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Texas A&M looks to bounce back from tough season in first year in Southeastern Conference

Texas A&M enters its first season in the Southeastern Conference after a year in which coach Billy Kennedy's illness and numerous injuries doomed the season and broke a streak of six straight appearances in the NCAA tournament.

The Aggies entered last season expected to contend with Kansas for the Big 12 title in their last season in the conference. Instead, Texas A&M went 14-18 and just 4-14 in conference play.

Kennedy took a medical leave early in the season after being diagnosed with the early stages of Parkinson's disease last season. He's learned how to manage the disease now, and is looking forward to his second season in College Station.

"I was trying to survive the first two weeks last year, and I'm much further along obviously, but you get your priorities checked real quickly when your health is a concern," he said. "I've learned a lot about myself and (I'm) really excited about the opportunity to be at Texas A&M and represent a great school and a great league. It's going to be a lot more fun, I promise you."

The Aggies have some holes. Gone is top player Khris Middleton, who declared for the draft, and point guard Dash Harris, who was the team's emotional leader and led the team in assists and steals.

They'll now rely on seniors Elston Turner and Ray Turner this season as they try to bounce back from last season's disappointment. Elston Turner led the team with 13.8 points and Ray Turner added 9.1 points and a team-leading 5.5 rebounds a game last season.

Kennedy is looking to the pair to become leaders for his team.

"Those two guys are the only two guys that have legitimate Division I experience," Kennedy said. "We need those guys to have great years on and off the court from a leadership standpoint. I would say they've been solid but I would like for them to give a little bit more from a leadership standpoint."

Texas A&M should get a boost from the return of forward Kourtney Roberson. He was granted a medical redshirt after playing just nine games before breaking his left ankle last season. He averaged 5.6 points and 3.8 rebounds two years ago as a freshman.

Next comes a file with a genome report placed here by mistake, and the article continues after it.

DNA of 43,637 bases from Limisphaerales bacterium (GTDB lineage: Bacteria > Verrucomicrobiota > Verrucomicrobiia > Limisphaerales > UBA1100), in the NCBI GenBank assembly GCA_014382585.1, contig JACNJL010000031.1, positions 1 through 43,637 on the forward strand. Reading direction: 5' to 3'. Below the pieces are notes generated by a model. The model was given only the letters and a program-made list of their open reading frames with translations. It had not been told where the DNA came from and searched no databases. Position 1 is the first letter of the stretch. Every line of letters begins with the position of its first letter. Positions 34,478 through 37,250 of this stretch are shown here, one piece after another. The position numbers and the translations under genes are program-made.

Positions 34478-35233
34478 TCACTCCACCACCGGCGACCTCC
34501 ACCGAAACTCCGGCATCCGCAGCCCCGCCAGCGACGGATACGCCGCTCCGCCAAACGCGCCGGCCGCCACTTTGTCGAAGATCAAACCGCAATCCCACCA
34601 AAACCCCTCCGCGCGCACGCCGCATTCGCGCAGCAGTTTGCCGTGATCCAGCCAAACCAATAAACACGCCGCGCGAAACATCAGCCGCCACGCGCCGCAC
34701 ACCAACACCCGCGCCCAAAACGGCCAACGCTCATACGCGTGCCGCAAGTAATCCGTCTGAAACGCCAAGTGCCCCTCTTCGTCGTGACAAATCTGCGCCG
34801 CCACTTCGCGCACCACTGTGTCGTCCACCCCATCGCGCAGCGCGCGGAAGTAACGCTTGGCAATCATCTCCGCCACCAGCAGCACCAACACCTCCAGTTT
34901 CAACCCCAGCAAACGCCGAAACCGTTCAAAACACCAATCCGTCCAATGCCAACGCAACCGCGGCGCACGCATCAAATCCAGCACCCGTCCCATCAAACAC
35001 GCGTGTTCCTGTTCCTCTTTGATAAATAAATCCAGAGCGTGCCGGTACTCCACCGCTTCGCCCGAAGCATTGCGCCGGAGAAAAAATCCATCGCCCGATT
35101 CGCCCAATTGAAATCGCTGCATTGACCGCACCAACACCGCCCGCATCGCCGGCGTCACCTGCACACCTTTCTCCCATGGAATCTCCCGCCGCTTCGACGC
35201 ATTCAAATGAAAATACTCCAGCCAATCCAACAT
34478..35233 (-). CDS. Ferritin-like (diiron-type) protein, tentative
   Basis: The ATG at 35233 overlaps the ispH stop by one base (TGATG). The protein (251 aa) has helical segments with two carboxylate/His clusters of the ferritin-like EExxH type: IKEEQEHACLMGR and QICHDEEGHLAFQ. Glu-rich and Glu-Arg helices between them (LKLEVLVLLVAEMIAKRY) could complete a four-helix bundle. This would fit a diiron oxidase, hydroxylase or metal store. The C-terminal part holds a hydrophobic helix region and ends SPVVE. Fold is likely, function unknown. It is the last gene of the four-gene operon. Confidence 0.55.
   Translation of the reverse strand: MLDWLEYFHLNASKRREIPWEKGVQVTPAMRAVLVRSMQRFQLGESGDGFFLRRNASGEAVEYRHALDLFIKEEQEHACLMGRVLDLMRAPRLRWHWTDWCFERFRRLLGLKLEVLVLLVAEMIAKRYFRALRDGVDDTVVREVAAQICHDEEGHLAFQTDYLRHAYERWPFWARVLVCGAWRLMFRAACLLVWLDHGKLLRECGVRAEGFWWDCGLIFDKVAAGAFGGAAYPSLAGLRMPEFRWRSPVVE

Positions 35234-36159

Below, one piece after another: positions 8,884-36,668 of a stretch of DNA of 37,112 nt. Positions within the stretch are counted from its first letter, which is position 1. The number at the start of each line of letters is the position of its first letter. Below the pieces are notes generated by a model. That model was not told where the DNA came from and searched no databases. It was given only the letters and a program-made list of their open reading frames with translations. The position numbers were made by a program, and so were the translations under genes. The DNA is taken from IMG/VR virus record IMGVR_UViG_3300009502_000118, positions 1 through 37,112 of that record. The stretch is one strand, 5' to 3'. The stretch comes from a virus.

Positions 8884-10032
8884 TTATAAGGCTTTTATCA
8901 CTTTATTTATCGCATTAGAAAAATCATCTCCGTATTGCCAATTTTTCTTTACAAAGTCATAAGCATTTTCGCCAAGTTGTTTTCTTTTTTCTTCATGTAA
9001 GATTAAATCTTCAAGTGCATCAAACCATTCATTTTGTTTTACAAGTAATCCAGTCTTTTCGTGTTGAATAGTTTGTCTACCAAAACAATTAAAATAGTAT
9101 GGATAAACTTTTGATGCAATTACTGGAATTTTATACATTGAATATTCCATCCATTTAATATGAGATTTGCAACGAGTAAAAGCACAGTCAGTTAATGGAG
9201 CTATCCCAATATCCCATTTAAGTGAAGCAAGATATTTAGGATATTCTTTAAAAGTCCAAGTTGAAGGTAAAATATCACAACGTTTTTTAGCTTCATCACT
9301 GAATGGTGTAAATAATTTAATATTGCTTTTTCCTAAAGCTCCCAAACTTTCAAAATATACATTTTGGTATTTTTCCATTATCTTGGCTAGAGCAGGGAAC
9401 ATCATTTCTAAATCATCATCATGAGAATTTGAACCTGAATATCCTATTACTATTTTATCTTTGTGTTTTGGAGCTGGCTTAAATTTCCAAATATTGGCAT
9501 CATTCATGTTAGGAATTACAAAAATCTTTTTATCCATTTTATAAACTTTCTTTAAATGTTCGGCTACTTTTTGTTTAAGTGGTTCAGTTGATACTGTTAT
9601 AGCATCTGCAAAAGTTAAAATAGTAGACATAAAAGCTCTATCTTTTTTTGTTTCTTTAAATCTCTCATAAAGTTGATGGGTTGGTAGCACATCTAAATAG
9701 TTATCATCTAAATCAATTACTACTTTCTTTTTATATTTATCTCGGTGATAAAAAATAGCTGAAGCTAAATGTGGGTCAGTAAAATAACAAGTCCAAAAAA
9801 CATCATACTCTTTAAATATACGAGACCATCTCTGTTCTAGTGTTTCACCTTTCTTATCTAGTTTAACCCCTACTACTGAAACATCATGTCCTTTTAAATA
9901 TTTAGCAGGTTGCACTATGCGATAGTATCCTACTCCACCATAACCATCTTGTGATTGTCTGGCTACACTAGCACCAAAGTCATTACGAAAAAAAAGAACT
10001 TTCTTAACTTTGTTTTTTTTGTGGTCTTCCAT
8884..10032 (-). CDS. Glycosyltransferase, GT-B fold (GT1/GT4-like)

Kennedy has been impressed with the 6-foot-9 Roberson so far, but knows he's not where he needs to be yet after missing so much time.

"He was as mobile and more athletic than he was last year," Kennedy said of his first practice this year. "He was quicker and had more confidence ... He was cleared about a week before practice started. I think it's going to be a process. We just have to be patient with him at this point."

The Aggies have a duo of highly-touted newcomers vying to take over at point guard. Junior college standout Fabyon Harris comes to Texas A&M after two seasons at the College of Southern Idaho. He averaged 17.1 points and 5.1 rebounds last season.

They also have J'Mychal Reese from nearby Bryan, Texas, who was rated the No. 1 point guard in Texas and among the best in the nation. He's a prolific scorer and once poured in 52 points in a high school game.

Kennedy believes that Reese and Texas A&M's other young players will add something to his team.

"It is a challenge, but the thing that I like is they bring a lot of personality," Kennedy said of his young players. "I think that's something we lacked last year was some definition and enthusiasm at times. It'll be good to have some personality on the court."

Kennedy is excited about the challenges of a new conference, but knows it will take a while for fans to adjust to the change.

"In the state of Texas, people are familiar with Texas, Texas Tech and Baylor, but they're not familiar with the Georgia's and South Carolina's," he said. "It's going to take some time for our fans to understand that this is a good basketball league. It's so good in football, baseball and all the other sports that people sometimes don't understand how good it is in basketball. Once people come out and see us play, they'll recognize how good it is in basketball."